Bringing Bristol Bay Home

We’re writing this from our recently purchased house on the rain-hammered winter coast of Oregon. Sheets of water are lashing against our windows, and the wind threatens to rip off the storm door. It’s a far cry from the GTs we were catching on Christmas Island a few weeks back in the warm sun. Now we’re here for the steelhead. Each season we guide winter-run steelhead in the heart of Oregon’s north coast. As a part of our dream, we created Frigate Travel, an outfitting company servicing and expanding a host of fishing destinations around the world. When steelhead season ends, the Sea of Cortez will lure us back for another season chasing and guiding roosterfish.


Mr. Gray Struznik of Oly Pen Fly Fishing – with a swung Naknek King – Photo JC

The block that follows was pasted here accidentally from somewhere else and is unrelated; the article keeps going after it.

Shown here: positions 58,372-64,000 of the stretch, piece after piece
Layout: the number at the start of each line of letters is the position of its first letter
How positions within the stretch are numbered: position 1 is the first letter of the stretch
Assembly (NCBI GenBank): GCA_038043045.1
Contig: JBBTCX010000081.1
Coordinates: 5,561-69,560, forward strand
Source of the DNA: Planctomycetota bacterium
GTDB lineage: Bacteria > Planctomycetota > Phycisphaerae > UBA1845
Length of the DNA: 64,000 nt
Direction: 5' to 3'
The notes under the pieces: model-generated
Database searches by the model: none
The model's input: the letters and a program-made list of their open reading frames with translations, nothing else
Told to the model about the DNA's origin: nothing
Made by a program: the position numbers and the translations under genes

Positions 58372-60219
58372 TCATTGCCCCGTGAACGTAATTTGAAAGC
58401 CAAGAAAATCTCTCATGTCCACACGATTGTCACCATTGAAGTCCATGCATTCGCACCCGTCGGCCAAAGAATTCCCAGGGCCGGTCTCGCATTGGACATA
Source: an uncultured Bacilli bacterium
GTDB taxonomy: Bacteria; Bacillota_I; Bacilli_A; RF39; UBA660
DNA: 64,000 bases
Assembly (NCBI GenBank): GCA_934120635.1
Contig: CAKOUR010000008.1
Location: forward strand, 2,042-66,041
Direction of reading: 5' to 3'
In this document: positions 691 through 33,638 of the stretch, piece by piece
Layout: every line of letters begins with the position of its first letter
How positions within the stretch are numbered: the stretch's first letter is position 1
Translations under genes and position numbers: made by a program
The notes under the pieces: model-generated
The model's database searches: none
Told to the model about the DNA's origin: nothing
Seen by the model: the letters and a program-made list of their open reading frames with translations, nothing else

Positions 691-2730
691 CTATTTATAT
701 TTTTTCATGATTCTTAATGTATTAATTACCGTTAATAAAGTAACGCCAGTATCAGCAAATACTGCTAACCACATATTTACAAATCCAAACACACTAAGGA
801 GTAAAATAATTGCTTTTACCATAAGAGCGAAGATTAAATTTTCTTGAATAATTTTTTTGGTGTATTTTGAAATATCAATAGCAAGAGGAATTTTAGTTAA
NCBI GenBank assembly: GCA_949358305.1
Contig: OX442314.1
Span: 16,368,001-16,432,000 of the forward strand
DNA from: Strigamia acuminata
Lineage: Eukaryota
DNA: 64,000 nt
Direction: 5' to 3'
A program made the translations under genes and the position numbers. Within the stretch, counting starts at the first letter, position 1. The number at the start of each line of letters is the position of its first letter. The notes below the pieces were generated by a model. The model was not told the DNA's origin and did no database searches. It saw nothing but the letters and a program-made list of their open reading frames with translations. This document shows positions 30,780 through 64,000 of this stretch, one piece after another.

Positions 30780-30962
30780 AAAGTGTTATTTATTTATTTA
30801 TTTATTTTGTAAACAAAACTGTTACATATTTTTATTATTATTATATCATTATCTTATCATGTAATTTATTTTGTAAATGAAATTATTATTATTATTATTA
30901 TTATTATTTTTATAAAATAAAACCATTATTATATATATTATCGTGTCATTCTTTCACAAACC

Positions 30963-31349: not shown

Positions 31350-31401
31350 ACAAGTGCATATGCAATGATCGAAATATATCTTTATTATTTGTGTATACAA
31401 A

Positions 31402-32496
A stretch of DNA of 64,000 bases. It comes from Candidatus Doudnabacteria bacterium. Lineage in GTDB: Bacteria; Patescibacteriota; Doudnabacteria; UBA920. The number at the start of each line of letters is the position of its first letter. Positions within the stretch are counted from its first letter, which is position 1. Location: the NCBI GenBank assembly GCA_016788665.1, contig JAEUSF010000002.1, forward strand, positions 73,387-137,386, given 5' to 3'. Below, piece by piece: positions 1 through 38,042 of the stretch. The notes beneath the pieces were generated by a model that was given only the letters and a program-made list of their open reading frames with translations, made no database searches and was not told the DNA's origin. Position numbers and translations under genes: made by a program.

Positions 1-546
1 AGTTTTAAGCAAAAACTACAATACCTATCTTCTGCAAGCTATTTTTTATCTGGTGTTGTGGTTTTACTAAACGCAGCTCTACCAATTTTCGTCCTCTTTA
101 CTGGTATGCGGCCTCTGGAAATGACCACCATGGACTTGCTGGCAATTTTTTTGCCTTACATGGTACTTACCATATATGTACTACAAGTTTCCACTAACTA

After Mexico, we’ll head back up to Alaska, specifically the Naknek River in Bristol Bay. For six seasons we have guided these waters. Like countless other fishing guides around the Northwest, it is how we’ve made our living and gained experience, spending day after day with clients, fickle boat motors, huge tidal pushes, crazy weather and fish – so many fish. Bristol Bay has all five species of Pacific salmon, giant rainbow trout, fat char, grayling, lake trout and northern pike. This is just the game fish,; Bristol Bay’s waterfowl and upland hunting is off the hook. And big game hunters travel from around the world to this region for brown bear, caribou and moose. This place offers so many “experiences of a lifetime.” The region has helped us afford to build a small outfitting company with a solid client base who will fish with us around the Pacific.